Tone at the Top: Culture of Compliance

Tone at the Top: Culture of Compliance

As Chief Strategy Officer for CCO Tech and Co-CEO of Global Rhino (an affiliated company), I had the privilege of speaking on a panel at a national compliance conference with three esteemed industry colleagues, two in-house CCOs at asset management firms and a consulting expert in the hedge fund space. As a panel, we focused on “Tone at the Top - Culture of Compliance.” Through decades of experience in financial services, I’ve learned a lot about modifying, tweaking, and enhancing compliance practices to most effectively impact the corporate culture. Here are my top ten takeaways:

  1. Customize Communications: Communication is only effective if your audience is listening to your message. Know your audience and tailor the substance and tone of your message to cross the barriers that often arise in organizations. Take into account employee-level, position, and demographics as appropriate. A busy executive may want a quick summary, a newer associate may relate better to a blog post. Meet them where they are and the message will be better heard and received.
  2. Document Positive Activities: As you communicate, make sure you take credit for sharing useful knowledge with your colleagues (maybe even position it as “training”), document the types of regulatory updates and practical tips that you apply to your compliance program, and save written records of review and changes to show to regulators when the time comes. This helps evidence your culture of compliance by creating a visual and tangible story of your firm’s operations.
  3. Build Strong Internal Relationships: Getting to know your colleagues and developing a trusted relationship is critical in ensuring two-way communication; you don’t want to start that relationship when the chips are down or when a project is heading sideways. Establish credibility early in your relationship, listen to your colleagues, and keep their confidences. Ultimately you want to become a trusted advisor to your colleagues. When they trust you, they will come to you early, which eliminates surprises that might catch you off guard. Like all healthy relationships, wholesome routines that promote prevention are better than rapid responses that address the symptoms of an issue.
  4. Get Invited to the Table: Establishing relationships is the first step to getting invited to the table, whether that table is lunch with your peers, meetings with your clients, or discussions with regulators. The sooner you are involved in a kick-off meeting or a product development brainstorming session, the easier it is to provide helpful feedback before everything is set in stone. No one wants to say “no” at the last minute, so help the team early to ensure a successful launch.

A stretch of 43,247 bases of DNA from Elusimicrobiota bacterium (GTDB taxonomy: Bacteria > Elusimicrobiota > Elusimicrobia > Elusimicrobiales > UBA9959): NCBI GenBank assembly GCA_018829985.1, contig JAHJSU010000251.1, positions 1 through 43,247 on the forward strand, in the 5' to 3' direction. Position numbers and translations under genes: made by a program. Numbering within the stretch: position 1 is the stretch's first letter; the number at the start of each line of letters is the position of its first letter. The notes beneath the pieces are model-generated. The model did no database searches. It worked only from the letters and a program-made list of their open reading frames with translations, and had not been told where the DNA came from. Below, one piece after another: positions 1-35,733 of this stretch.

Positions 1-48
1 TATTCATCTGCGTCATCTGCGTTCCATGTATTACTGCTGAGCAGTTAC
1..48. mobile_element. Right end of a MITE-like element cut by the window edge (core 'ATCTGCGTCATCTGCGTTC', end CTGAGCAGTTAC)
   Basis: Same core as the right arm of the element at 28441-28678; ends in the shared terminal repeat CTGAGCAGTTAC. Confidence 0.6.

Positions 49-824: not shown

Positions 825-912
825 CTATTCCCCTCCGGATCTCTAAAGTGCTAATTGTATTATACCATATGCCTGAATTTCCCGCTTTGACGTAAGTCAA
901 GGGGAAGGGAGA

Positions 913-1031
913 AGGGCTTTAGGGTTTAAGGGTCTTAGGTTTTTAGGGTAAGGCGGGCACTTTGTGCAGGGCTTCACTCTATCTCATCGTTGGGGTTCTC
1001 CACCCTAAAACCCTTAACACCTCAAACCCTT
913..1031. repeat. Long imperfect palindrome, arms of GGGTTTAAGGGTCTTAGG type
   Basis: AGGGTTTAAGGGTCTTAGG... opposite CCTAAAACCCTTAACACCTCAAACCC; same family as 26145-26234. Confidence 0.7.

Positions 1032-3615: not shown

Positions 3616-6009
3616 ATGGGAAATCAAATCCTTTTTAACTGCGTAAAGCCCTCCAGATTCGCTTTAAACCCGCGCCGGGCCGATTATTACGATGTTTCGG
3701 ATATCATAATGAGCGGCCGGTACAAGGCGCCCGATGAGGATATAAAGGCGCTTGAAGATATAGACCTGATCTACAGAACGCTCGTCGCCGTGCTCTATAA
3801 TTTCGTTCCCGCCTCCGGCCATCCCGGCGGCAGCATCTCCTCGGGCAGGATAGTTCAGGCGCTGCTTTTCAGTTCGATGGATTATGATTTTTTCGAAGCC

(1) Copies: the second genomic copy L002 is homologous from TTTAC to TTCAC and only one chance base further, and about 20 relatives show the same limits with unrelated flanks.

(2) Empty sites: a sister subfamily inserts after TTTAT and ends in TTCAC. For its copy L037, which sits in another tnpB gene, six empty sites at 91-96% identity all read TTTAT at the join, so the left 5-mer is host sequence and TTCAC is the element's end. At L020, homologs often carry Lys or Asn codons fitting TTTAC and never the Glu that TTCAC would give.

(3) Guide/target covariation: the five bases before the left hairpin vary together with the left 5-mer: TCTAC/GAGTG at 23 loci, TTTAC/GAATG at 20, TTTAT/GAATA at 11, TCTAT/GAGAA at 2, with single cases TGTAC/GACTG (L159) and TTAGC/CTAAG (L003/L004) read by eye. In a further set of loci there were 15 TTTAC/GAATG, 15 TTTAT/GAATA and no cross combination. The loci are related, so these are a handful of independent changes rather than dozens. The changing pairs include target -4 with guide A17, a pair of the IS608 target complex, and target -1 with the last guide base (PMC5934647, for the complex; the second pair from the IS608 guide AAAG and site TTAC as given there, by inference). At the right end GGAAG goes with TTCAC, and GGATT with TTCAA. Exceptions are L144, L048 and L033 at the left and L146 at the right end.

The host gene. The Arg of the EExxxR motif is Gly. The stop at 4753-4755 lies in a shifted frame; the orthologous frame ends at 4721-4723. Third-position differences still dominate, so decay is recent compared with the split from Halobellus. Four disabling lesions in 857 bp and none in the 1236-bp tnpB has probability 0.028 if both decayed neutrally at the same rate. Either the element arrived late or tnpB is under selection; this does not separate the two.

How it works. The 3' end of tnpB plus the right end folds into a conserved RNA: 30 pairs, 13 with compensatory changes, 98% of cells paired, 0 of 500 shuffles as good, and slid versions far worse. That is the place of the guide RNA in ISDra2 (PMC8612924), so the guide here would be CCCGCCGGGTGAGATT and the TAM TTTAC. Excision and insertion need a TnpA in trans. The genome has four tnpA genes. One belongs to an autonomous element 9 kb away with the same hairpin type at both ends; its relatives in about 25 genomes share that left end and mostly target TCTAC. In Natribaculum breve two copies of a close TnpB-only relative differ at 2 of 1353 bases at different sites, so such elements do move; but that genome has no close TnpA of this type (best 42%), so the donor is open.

5. Understand the Business: The better you know and understand the business, the more insights you will have in how to create a win-win situation for all stakeholders. You can identify alternative paths to get your colleagues, clients, or others to their end game within the parameters of the complex regulatory environment.
  6. Embed Compliance into the Business: Compliance should not be considered separate and apart from daily operations but should be embedded into the business and the overall corporate strategy. Compliance is not an ivory tower function reviewing after the fact. Instead, it should be a way of life for every person in the company not only due to legal and regulatory requirements but because it is the right thing to do for everyone from top to bottom.
  7. Walk, Talk, Email: When addressing an issue, think about walking down the hall for an in-person conversation first, next consider picking up the phone, and only as a matter of last resort use email. Most issues can be resolved more quickly and painlessly with a candid, in-person discussion.
  8. Build Extensive External Networks: Make sure you are not alone on an island. Develop external resources through networking groups so that you can share best practices and learn from others.
  9. Understand How Compliance is Good Business: Good compliance is the foundation for good corporate culture, which as a result leads to employee retention, client retention, and high performance. Asset management firms are being selected these days using a combination of both performance results, ethics and integrity.
  10. Pace Yourself: This is a marathon, not a sprint. There will be good days and more challenging ones. Invest for the long-term and you will end up setting the tone at the top!